Statistical analysis

The statistical analysis was carried out using STATA 12/SE (Stata Corp., USA). A paired two-sample mean-comparison t-test was used to evaluate the difference between the intervention and control group at T1, T2 and T3. Statistical significance was considered at p<0.05.


Five patients were enrolled in the trial, and their demographic and clinical characteristics are shown in table 1. Patient allocation and follow up is shown in figure 6; one patient was missed at T3.

A comparison of canine distalization between the control and intervention group is shown in table 2.

The thickness of the buccal bone plate of the anterior teeth in all patients showed no significant changes after 12 months of treatment (fig. 7).

No adverse effects related to the surgical procedure were observed or reported by patients.

Table 1 Characterization of the sample. 

Gender Age Dental Class Skeletal class UDD LDD Face pattern ANB angle TMD
Female 14 II-1 II -14 -10 Dolicho None
Female 26 II I -7 -7 Meso None
Female 21 I II -9 -8 Brachi None
Female 15 II-1 II 0 -3 Dolicho None
Female 24 I II -12 -11 Brachi None

UDD: Upper dental discrepancy; LDD: Lower dental discrepancy; TMD: temporomandibular disorder: ANB: A point, nasion, B point.

Figure 6 CONSORT 2010 flow diagram. 

Table 2 Canine distalization in control and intervention group. 

Time Intervention Mean ± SD (mm) Control Mean ± SD (mm) p-value
T1 1.24 ± 0.21 0.64 ± 0.33 0.005
T2 2.00 ± 0.28 1.36 ± 0.49 0.046
T3 4.28 ± 0.66 3.65 ± 0.88 0.102

SD: Standard deviation; T1: 15 days; T2: 30 days; T3: 60 days.

Figure 7 Buccal bone plate thickness comparison between baseline and 12 months after treatment. 


In the five patients, canine movement was accelerated in the intervention side compared to the control side. During the first two weeks, movement of the canine on the intervention side was on average 2-fold faster than on the control side; this velocity decreased by the second half of the first month, and in the second month.

The above is due to the transitory RAP, activated by the surgical micro-trauma, which appears to be more effective, in terms of velocity, during the first two weeks after stimulation. These findings are consistent with a recent animal study by Van Gemert et al.20, in which the effect of micro-trauma was evident between the 2nd and 4th week after intervention, and also with other techniques reported in the literature to reduce the duration of orthodontic treatment4,7,21,22.

A recent publication by Charavet et al.23 concluded that current literature on minimally invasive corticotomy techniques supports their role as therapeutic tools in the acceleration of orthodontic tooth movement (OTM). Furthermore, a recent systematic review on the effects of piezocision in OTM found that the majority of studies recorded a significant acceleration in OTM, but concluded that literature does not provide high-quality evidence to confirm the results.11 Moreover, such acceleration implies around 1 mm of OTM as measured after 4 to 12 weeks; and there are some drawbacks that might limit its indication, such as tooth damage8, the need for surgical guides9,10 and the risk of residuals scars11.

No side effects were observed in this study, and no root resorption was detected after one year of treatment, when pre- and postoperative CBCT were compared. The resorption rate of the buccal bone plate was within the normal limits of conventional orthodontic treatment, which is,−0.56 ± 0.7 mm24.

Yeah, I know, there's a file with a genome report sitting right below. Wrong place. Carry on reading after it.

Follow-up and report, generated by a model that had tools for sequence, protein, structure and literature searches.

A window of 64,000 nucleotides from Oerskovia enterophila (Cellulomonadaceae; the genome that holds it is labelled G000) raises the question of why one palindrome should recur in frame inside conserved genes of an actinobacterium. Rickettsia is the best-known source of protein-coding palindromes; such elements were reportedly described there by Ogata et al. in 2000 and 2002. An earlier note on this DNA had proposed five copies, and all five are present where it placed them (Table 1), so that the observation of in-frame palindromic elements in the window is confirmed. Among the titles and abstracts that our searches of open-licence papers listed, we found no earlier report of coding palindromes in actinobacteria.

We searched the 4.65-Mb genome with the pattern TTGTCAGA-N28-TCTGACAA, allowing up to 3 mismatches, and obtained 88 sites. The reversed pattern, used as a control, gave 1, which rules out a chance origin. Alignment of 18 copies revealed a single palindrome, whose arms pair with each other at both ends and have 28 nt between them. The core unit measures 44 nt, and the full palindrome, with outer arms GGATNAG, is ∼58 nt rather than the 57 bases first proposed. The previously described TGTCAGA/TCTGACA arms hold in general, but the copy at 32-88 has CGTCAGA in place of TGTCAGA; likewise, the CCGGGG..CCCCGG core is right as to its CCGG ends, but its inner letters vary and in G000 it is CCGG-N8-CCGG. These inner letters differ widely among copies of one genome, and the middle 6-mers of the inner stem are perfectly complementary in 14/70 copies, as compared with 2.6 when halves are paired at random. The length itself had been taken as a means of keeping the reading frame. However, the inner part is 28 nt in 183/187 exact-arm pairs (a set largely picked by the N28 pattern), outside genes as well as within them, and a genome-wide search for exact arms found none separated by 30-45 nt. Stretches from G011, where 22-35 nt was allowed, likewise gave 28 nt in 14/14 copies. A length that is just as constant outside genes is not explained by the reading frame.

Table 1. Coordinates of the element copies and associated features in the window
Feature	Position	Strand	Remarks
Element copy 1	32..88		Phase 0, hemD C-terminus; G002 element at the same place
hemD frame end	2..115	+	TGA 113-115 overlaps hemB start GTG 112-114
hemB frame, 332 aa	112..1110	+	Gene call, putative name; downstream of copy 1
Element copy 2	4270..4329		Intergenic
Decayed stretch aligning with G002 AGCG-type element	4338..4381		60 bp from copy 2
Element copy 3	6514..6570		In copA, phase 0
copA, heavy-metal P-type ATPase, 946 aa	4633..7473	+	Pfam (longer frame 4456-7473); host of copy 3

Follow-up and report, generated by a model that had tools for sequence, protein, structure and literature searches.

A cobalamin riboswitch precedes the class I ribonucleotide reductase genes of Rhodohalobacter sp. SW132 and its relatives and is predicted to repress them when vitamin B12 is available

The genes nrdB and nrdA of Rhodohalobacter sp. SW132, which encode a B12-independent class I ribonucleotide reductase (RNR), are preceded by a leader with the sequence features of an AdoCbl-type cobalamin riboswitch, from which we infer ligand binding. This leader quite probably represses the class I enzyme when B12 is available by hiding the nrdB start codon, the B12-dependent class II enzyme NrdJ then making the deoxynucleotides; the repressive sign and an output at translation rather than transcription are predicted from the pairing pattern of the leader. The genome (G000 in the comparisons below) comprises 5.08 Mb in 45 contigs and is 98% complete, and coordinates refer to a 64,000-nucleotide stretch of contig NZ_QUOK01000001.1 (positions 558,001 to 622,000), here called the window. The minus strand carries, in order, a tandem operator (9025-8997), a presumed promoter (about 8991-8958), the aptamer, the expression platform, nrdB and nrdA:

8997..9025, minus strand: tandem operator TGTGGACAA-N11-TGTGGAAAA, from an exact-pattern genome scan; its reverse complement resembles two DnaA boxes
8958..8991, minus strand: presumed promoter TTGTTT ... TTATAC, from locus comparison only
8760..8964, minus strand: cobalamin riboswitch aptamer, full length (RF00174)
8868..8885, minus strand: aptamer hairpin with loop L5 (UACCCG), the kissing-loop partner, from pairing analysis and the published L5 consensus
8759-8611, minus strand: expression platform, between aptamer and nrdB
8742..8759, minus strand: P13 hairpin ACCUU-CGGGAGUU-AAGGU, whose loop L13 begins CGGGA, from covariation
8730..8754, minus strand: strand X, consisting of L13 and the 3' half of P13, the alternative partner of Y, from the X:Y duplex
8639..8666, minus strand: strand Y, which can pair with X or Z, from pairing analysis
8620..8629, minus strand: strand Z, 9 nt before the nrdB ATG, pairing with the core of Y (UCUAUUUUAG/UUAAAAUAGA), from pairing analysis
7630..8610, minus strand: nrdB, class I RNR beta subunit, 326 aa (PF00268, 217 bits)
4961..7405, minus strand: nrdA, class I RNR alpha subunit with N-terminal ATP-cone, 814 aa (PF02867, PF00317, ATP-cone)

Considering the atraumatic nature of piezopuncture technique, its transitory RAP and the absence of clinical complications, future research could consider the use of flapless piezopuncture applications every 8 to 12 weeks in order to boost its effect. In this regard, more research is needed to assess the effects of this technique in other clinical situations that demand rapid OTM.

This preliminary trial followed a strict methodology and reporting, but some limitations must be acknowledged. Canine distalization over the first 60 days and clinical complications were the only outcomes assessed, excluding other relevant variables such as treatment duration, but it is known that the time required to complete an orthodontic treatment is influenced by a large number of factors, which could act as potential confounders.

This study provides preliminary evidence on the effect of flapless piezopuncture to accelerate the rate of tooth movement in orthodontic patients but larger studies are necessary to determine the effects of this novel technique.


Flapless piezopuncture performed using a sharp ultrasonic tool accelerates the rate of tooth movement in orthodontic patients over the first 15 days and its effects decline over the next 45 days.


We thank Claudia Asenjo-Lobos MSc for her contribution with the preparation of tables and graphics, as well as the edition of this manuscript.


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FUNDING SOURCE: This work was supported by the Research and Development Vice-rectory at the University of Concepción [VRID Nº 212.330.02-1, 2012]

Received: December 17, 2021; Revised: April 09, 2022; Accepted: May 16, 2022

* Corresponding author: Jorge Jofré | Address: Victoria 232, Concepción, Chile. | Post code 4070420 | Phone: +56412661260 | Fax : +56412661260 | E-mail:


Jorge Jofré is CEO of BROK SPA that manufectured PROrthodonticsTM. Other authors declare that they have no conflict of interest. The authors are responsible for the content and writing of this paper